“In Argentina, we call Starbucks coffee ‘dirty water,’” an Argentinian friend told me during our lunch in a small town near Buenos Aires.
He said if you go to a coffee shop in Argentina, you say “un café”, you won’t get the medium or large size of coffee people order in America. You’ll mostly likely be served with the basic short black in a small espresso cup that’s just strong enough to keep you buzzing all day long, which is perfect for a city like Buenos Aires.
“The nightlife and the culture here in Buenos Aires stays up so late, that’s why I started drinking coffee. I drink at midnight just to make it 3:00am or 4:00am in the morning,” said Alex, a Tango dancer from Canada.
Although Buenos Aires has a rich culture, the coffee here is actually not that good.
“In Argentina, we never had a great coffee culture. And broadly, every café you go, they have one type of coffee, and not a lot of the options to pick from,” said Luciano, a radio journalist based in Buenos Aires.
Instead, he said, the cafés are more like places for social gatherings, such as the iconic Café Tortoni, one of the oldest – since 1858.
“I think there is a coffee culture as in a social way, like people gathering to have a coffee in these places, but I don’t think the coffee is that good here, and there is been a little explosion or maybe to trend, that could fade or not,” said Luciano.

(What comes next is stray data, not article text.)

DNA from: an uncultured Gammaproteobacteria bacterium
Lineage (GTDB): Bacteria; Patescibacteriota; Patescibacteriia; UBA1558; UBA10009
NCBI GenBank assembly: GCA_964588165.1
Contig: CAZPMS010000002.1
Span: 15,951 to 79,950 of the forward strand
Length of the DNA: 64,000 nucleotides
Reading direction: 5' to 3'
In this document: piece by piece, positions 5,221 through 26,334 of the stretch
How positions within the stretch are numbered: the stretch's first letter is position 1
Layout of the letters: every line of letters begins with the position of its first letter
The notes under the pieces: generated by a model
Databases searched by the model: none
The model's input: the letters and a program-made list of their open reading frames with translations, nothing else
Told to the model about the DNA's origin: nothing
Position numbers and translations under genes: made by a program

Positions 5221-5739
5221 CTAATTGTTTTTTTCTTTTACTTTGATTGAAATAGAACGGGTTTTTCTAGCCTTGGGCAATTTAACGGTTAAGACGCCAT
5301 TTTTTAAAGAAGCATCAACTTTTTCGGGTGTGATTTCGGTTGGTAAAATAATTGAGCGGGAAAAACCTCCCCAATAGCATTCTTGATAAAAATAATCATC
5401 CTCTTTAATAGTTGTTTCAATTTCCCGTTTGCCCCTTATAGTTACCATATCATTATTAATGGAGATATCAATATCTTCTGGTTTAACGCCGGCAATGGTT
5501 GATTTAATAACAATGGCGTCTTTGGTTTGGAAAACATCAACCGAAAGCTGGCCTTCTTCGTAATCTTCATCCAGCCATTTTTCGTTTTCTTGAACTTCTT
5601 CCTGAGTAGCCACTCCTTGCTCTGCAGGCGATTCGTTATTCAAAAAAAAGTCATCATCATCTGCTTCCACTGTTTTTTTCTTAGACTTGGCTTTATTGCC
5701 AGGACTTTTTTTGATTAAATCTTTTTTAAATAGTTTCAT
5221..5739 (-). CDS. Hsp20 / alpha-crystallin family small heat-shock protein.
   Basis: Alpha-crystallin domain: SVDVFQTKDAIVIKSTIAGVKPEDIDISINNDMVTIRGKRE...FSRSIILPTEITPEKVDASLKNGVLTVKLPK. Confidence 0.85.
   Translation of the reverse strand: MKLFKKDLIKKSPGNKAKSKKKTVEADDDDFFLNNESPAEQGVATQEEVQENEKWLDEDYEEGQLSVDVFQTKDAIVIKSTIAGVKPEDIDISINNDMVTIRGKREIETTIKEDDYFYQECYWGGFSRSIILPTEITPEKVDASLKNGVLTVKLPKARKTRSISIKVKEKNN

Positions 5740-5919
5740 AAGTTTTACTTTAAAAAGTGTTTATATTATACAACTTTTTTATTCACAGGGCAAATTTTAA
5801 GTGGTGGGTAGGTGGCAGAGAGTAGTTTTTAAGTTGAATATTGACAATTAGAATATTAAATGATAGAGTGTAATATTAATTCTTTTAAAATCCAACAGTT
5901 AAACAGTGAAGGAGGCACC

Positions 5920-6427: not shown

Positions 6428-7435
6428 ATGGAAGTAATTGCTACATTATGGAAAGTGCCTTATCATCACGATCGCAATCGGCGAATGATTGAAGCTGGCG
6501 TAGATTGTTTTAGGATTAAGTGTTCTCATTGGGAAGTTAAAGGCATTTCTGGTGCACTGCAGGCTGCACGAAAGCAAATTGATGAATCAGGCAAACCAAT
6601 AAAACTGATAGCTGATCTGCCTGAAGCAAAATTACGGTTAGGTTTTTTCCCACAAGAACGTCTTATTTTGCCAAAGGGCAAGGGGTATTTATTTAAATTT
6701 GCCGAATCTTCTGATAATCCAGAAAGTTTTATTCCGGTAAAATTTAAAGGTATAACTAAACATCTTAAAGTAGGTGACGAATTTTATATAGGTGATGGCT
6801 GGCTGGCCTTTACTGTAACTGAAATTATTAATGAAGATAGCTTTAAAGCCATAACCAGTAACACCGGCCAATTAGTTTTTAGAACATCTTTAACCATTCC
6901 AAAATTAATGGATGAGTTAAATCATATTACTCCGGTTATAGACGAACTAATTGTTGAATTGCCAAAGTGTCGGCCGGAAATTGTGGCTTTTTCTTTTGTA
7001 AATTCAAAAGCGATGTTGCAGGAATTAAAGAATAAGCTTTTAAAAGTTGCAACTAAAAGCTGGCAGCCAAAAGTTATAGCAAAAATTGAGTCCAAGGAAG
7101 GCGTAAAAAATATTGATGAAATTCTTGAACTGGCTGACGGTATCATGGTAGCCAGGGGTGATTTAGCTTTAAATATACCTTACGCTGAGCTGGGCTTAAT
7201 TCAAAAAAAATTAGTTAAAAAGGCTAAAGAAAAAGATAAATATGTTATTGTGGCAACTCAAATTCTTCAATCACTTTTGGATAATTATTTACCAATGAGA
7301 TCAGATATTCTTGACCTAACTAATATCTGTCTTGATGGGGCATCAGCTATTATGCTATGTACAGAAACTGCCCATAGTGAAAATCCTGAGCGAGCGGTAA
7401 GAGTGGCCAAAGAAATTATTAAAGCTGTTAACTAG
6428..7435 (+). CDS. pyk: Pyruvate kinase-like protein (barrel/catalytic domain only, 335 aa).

In fact, new shops are popping in cities like Palermo, Luciano said; a coffee revolution is under the way.
Specialty coffee shops like the LAB are gaining popularity among the youngsters. After all, these are the places where they spend hours hanging out with friends, reading books, and talking about politics.
“People want to drink the long espresso, over strengthened, and the bad coffee, we don’t make over strengthened here,” said LAB barista Diego.
Diego said the coffee is brewed in the AeroPress, V60 and Chemex devices to best tailor the flavor of beans from worldwide coffee regions including Colombia, Ethiopia, and Brazil. Youngsters are also drinking Mochas, flat whites and Americanos that are different from the coffee experience they used to have.
However, Argentinians have long been embracing the coffee culture; the tradition itself has become a unique flavor of its own.
“I think I like the traditional local cafeterias,” said Luciano. “I think the local cafeterias have that flavor, as you can tell it is very porteños — a word Argentines use to describe a very Buenos Aires thing,” Luciano said.
A quick guide to ordering:
café solos – small black coffees/ espresso
cortados – small espresso coffees with milk
café con leches – larger coffees with milk
And, there is the “submarino,” which means submarine in Spanish, consisting of a bar of dark chocolate slowly melts inside a glass of hot milk.